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What Acts of upholding freedom can counter the shrinking space for dissent & tolerance in society?

By Rahul Singh


(This is the transcript of my speech for the BCF oration competition)


Good evening ladies and gentlemen.


अब वही हर्फ़-ए-जुनूँ सब की ज़बाँ ठहरी है जो भी चल निकली है वो बात कहाँ ठहरी है


This was Faiz Ahmad Faiz giving us the exact idea of how freedom works. I’ll come to this later.


What Acts of upholding freedom can counter the shrinking space for dissent & tolerance in society?


The question that we have gathered here to discuss would have been insignificant if ours were an ideal country. The answer is obvious: any act that is committed with honesty and is in the ambit of basic humanity is an exercise of freedom and hence an act of upholding freedom.


Then why waste our time gathering here to discuss this fundamental question when we can simply share memes on Facebook, feel bad about Syrians, curse Pakistanis, feel proud about UNESCO declaring India’s national anthem as the best national anthem, binge-watch episodes of friends on a Sunday afternoon and go back to sleep?


Well, we are here to discuss this because ours is not an ideal country. Of all the countries in the world, India can never become an ideal country because of its very nature.


I am not denigrating India. I would never do that. Not because I am a patriotic bharatvaasi but because I neither have the resources nor patience to defend myself against a sedition charge in court.


So, let us say ‘hypothetically’ that ours is not an ideal country and try to deconstruct the question.


First, what do we mean by freedom? Like darkness can only be defined by the absence of light, freedom can only be defined by the degree of un-freedoms (a term used by Amartya Sen in his book Development as Freedom). Only its absence can be felt, not its presence because the realisation that you’re free begets the possibilities of new un-freedoms you might be subjected to.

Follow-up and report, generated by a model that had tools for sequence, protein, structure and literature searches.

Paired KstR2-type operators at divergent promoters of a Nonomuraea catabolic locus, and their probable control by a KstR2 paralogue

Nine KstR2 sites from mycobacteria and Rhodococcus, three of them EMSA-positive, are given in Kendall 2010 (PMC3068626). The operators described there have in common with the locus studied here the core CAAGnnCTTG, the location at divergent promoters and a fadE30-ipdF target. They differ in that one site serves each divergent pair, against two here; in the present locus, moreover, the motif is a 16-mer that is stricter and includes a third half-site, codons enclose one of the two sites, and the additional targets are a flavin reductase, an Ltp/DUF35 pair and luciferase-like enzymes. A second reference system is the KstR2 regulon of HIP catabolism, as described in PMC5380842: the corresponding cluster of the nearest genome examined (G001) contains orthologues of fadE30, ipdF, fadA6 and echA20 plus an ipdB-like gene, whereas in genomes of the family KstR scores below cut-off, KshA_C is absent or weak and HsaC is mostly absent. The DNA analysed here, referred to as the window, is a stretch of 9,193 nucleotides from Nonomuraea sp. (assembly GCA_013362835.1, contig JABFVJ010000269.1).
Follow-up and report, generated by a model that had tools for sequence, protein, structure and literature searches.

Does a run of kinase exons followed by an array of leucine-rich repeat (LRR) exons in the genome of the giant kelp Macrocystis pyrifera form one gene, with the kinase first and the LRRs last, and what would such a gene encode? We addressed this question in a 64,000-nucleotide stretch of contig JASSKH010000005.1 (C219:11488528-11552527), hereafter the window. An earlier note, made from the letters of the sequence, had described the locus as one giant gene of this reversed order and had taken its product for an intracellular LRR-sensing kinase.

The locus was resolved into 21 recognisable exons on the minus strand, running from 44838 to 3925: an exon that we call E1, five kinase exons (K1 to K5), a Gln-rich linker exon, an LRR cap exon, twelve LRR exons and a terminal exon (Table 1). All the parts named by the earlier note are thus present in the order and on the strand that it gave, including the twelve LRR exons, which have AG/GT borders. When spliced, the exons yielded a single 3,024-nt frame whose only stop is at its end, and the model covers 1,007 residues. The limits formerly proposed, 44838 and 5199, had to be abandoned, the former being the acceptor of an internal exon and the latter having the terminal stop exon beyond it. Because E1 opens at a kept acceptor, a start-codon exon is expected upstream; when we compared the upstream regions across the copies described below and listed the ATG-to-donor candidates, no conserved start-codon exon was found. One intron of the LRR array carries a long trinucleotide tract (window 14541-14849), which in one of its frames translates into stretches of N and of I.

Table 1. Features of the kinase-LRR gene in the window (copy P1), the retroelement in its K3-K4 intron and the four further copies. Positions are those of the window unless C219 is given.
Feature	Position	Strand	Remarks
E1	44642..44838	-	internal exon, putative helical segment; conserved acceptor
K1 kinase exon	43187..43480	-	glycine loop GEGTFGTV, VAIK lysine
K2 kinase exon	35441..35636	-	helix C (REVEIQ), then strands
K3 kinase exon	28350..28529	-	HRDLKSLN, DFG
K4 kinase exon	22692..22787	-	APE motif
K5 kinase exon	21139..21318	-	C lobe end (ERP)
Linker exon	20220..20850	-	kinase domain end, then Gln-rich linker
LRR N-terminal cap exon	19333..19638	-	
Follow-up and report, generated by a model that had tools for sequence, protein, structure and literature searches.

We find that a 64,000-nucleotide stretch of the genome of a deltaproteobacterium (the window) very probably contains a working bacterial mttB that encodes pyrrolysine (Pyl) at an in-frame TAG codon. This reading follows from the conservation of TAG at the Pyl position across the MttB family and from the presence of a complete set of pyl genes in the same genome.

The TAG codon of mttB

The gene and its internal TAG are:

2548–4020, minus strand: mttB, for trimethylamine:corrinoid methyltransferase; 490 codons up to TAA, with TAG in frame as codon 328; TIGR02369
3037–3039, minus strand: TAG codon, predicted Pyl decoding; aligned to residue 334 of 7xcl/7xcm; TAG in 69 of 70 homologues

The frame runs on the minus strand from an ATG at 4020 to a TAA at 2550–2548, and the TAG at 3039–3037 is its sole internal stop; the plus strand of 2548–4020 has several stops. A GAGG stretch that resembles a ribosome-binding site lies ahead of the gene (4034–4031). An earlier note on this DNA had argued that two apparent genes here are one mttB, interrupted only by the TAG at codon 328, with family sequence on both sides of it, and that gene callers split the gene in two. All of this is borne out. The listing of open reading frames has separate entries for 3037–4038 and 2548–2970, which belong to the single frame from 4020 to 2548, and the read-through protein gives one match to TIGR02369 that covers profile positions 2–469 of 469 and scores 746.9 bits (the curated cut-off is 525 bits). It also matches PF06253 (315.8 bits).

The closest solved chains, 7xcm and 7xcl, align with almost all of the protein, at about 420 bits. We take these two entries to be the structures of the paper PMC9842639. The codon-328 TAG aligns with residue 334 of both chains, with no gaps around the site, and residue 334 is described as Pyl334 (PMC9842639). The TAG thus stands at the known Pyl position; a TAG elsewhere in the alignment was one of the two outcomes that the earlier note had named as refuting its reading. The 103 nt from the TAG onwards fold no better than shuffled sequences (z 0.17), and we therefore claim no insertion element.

For example, a student who has left his hometown for the first time realises that he can do whatever he wants without the fear of his parents. This is his first degree of freedom. But this realisation comes with the baggage of morals that chain him from doing something that is considered ‘bad’ in the society.


So, is it even possible to be absolutely free? Not at all. We would not have been social animals if we were absolutely free.


We carry with us the responsibilities of our society that behoves us to follow a certain set of rules. For eg: don’t break the traffic signal, don’t litter, don’t try to run your car over people sleeping on footpath etc. If we take humanitarian obligations out of the equation, all these rules are nothing but chains of ‘un-freedom’.


So, if it is not possible to be absolutely free, why do we bother even talking about freedom? Because we choose not to break any traffic rules, we choose not to litter and most of us choose not to run our cars over people sleeping on footpaths.


You might say that this is because law prohibits these actions but aren’t we the ones who choose to follow the law of this country? What if we don’t follow the law of this country?

Aren’t we the ones who directly/indirectly elected our leaders to frame the law for us? Aren’t we the ones who chose to follow the constitution of this country? The word choose is important here because it adds one extra degree of freedom to our thousands of un-freedoms. That extra degree of freedom is what is worth defending and fighting for.


Now let’s come to the second question. Is the space for dissent and tolerance in our society shrinking?


Unfortunately, yes. If not directly then indirectly. Fali Nariman in his speech once said that it is not the freedom of speech that matters, it is the freedom after speech that we should be concerned about.


A simple act of expressing your honest opinion is seen as an act of hostile political motives. Every comment you make will be seen in terms of black and white. But the space for debate and discussion lies in the grey area and we all, who want to uphold freedom, should understand it and avoid falling for any trap of extreme opinions.


To avoid that trap, I have a set of commandments for you. I know this is ironical. Preaching freedom through commandments. But, unfortunately, that is the only way people will take me seriously.


First and the most important one is:


Make good lawyer friends. Section 124A of the penal code is a reality in 21st century India.


Second:


Question everything. Everything! Even the act of questioning everything.